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Teaching Forum

Welcome to the Statistics Teaching Forum!

Organiser for 2022-2023: Dr Elke Thönnes

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The program for 22/23 is as follows:

2022-2023 Sessions

Term 3

  • Wednesday 3rd May 2023, 2-3 pm, MB0.08. Coffee/Tea/Cake after the seminar in the foyer.

Speaker: Prof Jeremy Levesley (Emeritus Professor of Mathematics, University of Leicester)

Title: Authentic assessment and business-based projects

Presentation slides.

Abstract: This is a talk for mathematicians and statisticians so perhaps I should start with a definition. An authentic task is one which a majority of people would agree it is important to be able to perform. Authentic assessment is the assessment which says whether or not the task was completed. In this talk we will explore whether or not maths/stats degree assessment defines authentic tasks, and then whether or not the assessment properly measures the capability to perform those tasks.

As an ex academic with 30 years at Leicester I saw "employability" move up the priority list for universities. At the same time also "student satisfaction" with an emphasis on easily explicable assessment criteria has also grown. These seem to me to be in tension. I would like to try to resolve this tension, but this may take a change in point of view by universities on what they think the purpose of a degree is.

I am now part of a company running student projects for universities. Business tasks from industry are given to students and a supervisor from industry provided. The measurement of the projects is related to the accreditation process for chartered engineers. I am hoping for feedback from the audience on this sort of approach and how it fits with their notion of a university degree, be it undergraduate or masters.

Term 1

    • Week 6 - Friday 11 November, 3 - 4 pm, MB0.08, Tea/Coffee/Cake from 2:30 pm in Atrium

    Speaker: Dr Jagjeet Jutley-Neilson (Department of Psychology, University of Warwick).

    Title: Neurodiversity (Specific Learning Differences; SpLDs) and the Student Academic Experience.

    Abstract: This interactive seminar is aimed at staff members interested in building inclusive curriculums and wider student experiences for disabled students. Across the Higher Education Institutes (HEIs) sector, we see a positive increase in the number of students starting courses with declared disabilities, particularly Specific Learning Differences (SpLDs) such as Dyslexia and Dyspraxia, Dyscalculia, ADHD and Autistic Spectrum Condition. Neurodiversity encompasses all of these mentioned SpLDs, many of which co-occur or overlap.

    However, research across the HEIs has identified that disparities exist when comparing the continuation rates and the learning and teaching experiences of disabled students versus non-disabled students. At the University of Warwick, our TEF submission in 2018 and the Access Participation Plan also echoed these wider sector research findings. This session enabled staff to share experiences and challenges of embedding inclusive practices.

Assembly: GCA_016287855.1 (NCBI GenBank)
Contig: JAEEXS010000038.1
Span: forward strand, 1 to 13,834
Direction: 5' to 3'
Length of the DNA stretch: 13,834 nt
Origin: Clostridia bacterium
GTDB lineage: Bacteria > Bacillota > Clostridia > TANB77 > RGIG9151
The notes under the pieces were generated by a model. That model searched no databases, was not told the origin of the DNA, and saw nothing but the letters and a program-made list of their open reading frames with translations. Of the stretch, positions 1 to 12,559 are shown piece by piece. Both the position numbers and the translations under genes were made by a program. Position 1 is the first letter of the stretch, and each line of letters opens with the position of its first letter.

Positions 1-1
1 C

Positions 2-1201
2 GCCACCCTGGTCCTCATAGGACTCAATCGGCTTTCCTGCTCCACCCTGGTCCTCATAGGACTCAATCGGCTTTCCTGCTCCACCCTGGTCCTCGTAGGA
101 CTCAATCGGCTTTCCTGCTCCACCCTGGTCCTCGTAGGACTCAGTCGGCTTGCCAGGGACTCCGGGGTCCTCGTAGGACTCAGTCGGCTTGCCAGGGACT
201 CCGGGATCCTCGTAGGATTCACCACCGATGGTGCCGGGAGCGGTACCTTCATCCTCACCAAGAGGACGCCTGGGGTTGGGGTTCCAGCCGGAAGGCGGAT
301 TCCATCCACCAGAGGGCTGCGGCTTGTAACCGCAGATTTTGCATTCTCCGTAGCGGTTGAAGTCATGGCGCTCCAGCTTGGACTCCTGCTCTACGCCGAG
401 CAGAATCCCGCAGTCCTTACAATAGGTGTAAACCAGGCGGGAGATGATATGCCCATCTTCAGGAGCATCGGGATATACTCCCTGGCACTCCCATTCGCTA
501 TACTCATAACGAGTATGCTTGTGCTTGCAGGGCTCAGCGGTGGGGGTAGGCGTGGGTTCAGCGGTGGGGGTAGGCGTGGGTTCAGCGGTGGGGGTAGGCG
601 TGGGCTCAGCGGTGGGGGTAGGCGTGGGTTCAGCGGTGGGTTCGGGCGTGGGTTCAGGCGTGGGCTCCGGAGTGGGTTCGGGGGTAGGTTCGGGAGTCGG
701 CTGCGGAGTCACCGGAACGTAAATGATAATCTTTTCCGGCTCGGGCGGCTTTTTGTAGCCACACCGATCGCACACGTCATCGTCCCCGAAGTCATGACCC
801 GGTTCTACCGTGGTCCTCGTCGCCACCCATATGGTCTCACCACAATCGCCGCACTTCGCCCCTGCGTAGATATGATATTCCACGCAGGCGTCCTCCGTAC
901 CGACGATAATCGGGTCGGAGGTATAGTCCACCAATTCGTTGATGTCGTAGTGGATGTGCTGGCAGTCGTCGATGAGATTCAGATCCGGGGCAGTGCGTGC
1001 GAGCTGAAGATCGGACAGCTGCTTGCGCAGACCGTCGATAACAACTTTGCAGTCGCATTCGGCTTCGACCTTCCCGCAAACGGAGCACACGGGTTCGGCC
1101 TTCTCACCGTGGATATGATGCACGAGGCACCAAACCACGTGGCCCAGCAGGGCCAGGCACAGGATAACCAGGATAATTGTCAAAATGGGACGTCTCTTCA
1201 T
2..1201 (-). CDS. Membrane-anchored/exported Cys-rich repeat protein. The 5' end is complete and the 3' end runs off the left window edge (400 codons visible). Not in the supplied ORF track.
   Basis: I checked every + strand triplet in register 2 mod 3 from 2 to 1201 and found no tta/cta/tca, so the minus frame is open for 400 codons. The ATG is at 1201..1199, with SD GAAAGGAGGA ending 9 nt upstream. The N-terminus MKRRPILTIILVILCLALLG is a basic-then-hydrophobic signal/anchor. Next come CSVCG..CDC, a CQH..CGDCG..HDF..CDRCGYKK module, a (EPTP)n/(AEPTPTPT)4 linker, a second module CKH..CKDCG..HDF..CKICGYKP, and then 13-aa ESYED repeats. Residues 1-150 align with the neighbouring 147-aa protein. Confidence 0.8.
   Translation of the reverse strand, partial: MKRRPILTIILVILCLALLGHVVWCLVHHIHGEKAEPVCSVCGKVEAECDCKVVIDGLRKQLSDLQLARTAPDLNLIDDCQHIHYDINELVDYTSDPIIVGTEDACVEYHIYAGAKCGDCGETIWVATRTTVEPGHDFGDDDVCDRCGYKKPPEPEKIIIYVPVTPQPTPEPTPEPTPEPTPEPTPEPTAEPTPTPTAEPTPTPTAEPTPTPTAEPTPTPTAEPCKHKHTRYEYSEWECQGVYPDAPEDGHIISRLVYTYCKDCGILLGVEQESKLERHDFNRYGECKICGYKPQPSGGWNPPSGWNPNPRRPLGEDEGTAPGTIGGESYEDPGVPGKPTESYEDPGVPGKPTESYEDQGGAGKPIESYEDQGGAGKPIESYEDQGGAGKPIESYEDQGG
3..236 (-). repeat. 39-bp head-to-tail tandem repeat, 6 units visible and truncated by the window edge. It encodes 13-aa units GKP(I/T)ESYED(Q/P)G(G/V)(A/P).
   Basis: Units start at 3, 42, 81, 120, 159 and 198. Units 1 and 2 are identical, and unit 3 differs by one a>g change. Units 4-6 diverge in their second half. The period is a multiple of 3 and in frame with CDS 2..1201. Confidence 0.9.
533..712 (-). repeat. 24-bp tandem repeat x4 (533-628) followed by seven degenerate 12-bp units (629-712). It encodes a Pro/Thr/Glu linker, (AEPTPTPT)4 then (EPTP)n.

Events planned for 2023/24

    • Date/Time/Venue to be confirmed.

    Speaker: Prof Rhys Jones (Associate Dean of Education at the Faculty of Health and Medical Sciences, University of Surrey)

    Title: Weapons of statistical instruction

    Abstract: We are living in an increasingly data-centric world, where it is essential for everyone to have a statistical awareness and build upon their statistical senses. The need for statistics has never been greater. With rapidly changing times, and a world saturated with data and interesting variables, we need new ways and new ideas to help make statistics more accessible for everyone. It should come as no surprise that statistics education has also experienced seismic shifts in recent years, with respect to content and teaching methods utilised. New Zealand in particular have made significant changes in relation to their statistics curriculum and pedagogies used to deliver the subject, at the primary and secondary school level.

    This talk will explore interesting ideas, present useful skills, and delve into exciting contexts, to supercharge the teaching of statistics and data science. There will be a focus on the visualisation of data, using free web-based software like iNZight, explaining how these displays can convey engaging data stories. Skills development in being able to read graphs and eyeball data, describe trends well and the value in using dynamic data displays, will also be discussed. This will then lead onto the importance of context and the need to provide engaging real-world data sets that can appeal to students. The second part of the talk will then describe how skills developed in the first part can be nurtured to enable students to craft their own interesting and engaging data stories.

    Key ideas and approaches conveyed throughout the talk will be supported with my own experiences of working with teachers and academics in New Zealand, Australia, the US and also the UK, along with relevant evidence-based research.